People who like metaphors are different than the rest of us. So are sarcastic types.
Remember that song that began “Do you like Pina Coladas…”? If you’re looking for someone who thinks like you do, instead of matching up on sweet cocktails, try seeking out dates who have a similar bent pro or con metaphors and sarcasm. Let’s say you have a quarrel at breakfast and your partner says, “The red rose of our love is droopy this morning.” If you’re laughing, you may have your match.
Psychologists now have evidence to back up the common idea that the poetically-minded are different than the rest of us, more empathic and suggestible. But contrary to the rule that sarcasm is rude and makes everyone angrier, there’s some evidence that sarcasm can spur thinking and possibly even defuse conflict.
Metaphors generally substitute a concrete image that you can see, touch, smell, hear, or taste for something abstract, as in “My love is a red rose.” Poets love metaphor. On the other hand, lots of people don’t understand metaphors or find them annoying. A research team led by psychologist Adam Fetterman, PhD, which developed the first standardized test of your preference for metaphor, found these big differences in our taste for metaphor.
The study also concluded that the metaphorically-minded aren’t more or less intelligent or capable of summoning up images. Instead, working with a new group of students, the team discovered that people who liked metaphor are more suggestible. For example, most people rate neutral words as more pleasant if they see them in a white font rather than a black one, but people who dislike or avoid metaphor don’t care about the font color. On the other hand, people who like metaphor have a stronger preference for white fonts.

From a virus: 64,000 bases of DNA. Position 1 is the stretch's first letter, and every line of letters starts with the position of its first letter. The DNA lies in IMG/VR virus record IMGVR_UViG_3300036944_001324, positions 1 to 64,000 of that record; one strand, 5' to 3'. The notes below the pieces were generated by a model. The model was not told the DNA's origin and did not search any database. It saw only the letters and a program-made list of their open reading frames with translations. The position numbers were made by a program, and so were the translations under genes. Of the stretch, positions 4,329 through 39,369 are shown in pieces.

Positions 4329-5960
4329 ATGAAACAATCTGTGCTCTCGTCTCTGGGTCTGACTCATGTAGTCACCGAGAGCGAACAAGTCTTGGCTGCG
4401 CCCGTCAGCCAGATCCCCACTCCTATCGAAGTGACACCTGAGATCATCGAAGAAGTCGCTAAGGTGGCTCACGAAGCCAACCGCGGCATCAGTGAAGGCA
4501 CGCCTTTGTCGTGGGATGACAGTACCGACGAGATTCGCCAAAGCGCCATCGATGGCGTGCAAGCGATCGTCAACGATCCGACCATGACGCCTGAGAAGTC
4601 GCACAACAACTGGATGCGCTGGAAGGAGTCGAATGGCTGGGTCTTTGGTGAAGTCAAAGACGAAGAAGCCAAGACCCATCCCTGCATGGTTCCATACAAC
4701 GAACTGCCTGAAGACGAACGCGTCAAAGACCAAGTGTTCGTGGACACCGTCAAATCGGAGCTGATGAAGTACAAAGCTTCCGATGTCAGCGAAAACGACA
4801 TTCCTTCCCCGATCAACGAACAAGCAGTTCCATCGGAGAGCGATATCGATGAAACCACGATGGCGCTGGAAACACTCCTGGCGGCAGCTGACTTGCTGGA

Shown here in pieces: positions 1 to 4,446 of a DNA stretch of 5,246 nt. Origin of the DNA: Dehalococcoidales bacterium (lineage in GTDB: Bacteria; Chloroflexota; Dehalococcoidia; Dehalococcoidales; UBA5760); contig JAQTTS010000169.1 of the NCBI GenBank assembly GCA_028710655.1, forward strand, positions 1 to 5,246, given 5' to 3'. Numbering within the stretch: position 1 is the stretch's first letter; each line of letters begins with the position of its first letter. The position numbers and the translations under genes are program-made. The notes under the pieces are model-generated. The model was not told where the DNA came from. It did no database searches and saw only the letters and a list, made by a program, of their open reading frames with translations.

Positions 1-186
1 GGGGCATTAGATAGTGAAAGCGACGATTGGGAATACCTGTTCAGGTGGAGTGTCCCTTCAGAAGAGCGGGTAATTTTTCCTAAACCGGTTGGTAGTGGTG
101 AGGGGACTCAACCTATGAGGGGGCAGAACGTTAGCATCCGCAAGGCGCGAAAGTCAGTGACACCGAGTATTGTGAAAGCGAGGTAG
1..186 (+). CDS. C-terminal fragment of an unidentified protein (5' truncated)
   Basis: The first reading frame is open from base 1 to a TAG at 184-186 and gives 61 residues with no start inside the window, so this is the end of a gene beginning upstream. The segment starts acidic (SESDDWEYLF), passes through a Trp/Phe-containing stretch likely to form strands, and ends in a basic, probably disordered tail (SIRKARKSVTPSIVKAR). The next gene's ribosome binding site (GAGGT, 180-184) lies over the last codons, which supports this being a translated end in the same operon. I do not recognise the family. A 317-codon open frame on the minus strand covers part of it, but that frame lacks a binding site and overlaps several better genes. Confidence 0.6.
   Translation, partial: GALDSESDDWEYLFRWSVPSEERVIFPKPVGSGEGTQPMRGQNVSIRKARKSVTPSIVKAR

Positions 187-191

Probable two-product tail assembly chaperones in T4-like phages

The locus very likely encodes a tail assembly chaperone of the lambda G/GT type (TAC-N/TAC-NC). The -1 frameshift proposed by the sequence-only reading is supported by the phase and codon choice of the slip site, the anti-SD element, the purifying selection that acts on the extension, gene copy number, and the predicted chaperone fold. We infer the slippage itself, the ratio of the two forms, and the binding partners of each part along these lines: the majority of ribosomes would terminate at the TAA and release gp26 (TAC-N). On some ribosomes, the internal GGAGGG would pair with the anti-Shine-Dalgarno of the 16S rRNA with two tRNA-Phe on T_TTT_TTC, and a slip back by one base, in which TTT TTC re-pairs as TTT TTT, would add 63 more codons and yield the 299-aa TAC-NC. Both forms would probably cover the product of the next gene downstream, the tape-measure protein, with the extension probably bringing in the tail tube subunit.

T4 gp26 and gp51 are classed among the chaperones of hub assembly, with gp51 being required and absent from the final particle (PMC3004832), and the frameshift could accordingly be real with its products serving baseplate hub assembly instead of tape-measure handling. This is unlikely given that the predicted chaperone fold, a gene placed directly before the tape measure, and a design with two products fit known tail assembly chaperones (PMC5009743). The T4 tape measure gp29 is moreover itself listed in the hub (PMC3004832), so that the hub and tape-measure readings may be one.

In another, real-world, study, people who tended to be more agreeable when they ate sweet food were also metaphorically-minded.
Good metaphors make complex ideas, and often emotions, more understandable. In other research, people who enjoy and use metaphor proved to be better at judging emotions in others.
In yet another study, scientists demonstrated what poets and poetry-readers have known for centuries: metaphorical language can make painful emotion more bearable. When 50 participants spent 5 minutes daily for a week writing about unpleasant feelings, using either metaphors such as “I felt like a leaf in the wind” or common psychological language, such as “I felt unfocused," only the people who used the metaphors tended to feel better at the end of the week. Take this as your cue to embrace the desire to write lovesick poetry after your next breakup. You might also focus on being kind to yourself, rather than catalog your failings and screw-ups.
Making sarcastic jokes about your ex also might be a good idea. According to research from Harvard Business School that dubs sarcasm “the highest form of intelligence,” "The construction and interpretation of sarcasm lead to greater creativity because they activate abstract thinking." The same study concluded that expressing sarcasm (or being on the receiving end) may actually be useful at defusing conflict while making you both more creative.
Try that when you’re facing your ex at a divorce mediator’s office. Also consider throwing in some metaphor, if your ex was metaphor-minded, so as to stimulate his or her empathic and suggestible side. Maybe “The red rose of our love is awfully droopy this morning” would make her laugh, or cry, remembering the lover’s quarrel of long ago. Or maybe she’ll knock over your coffee and storm out.
January 29, 2016
Janet O’Dell, RN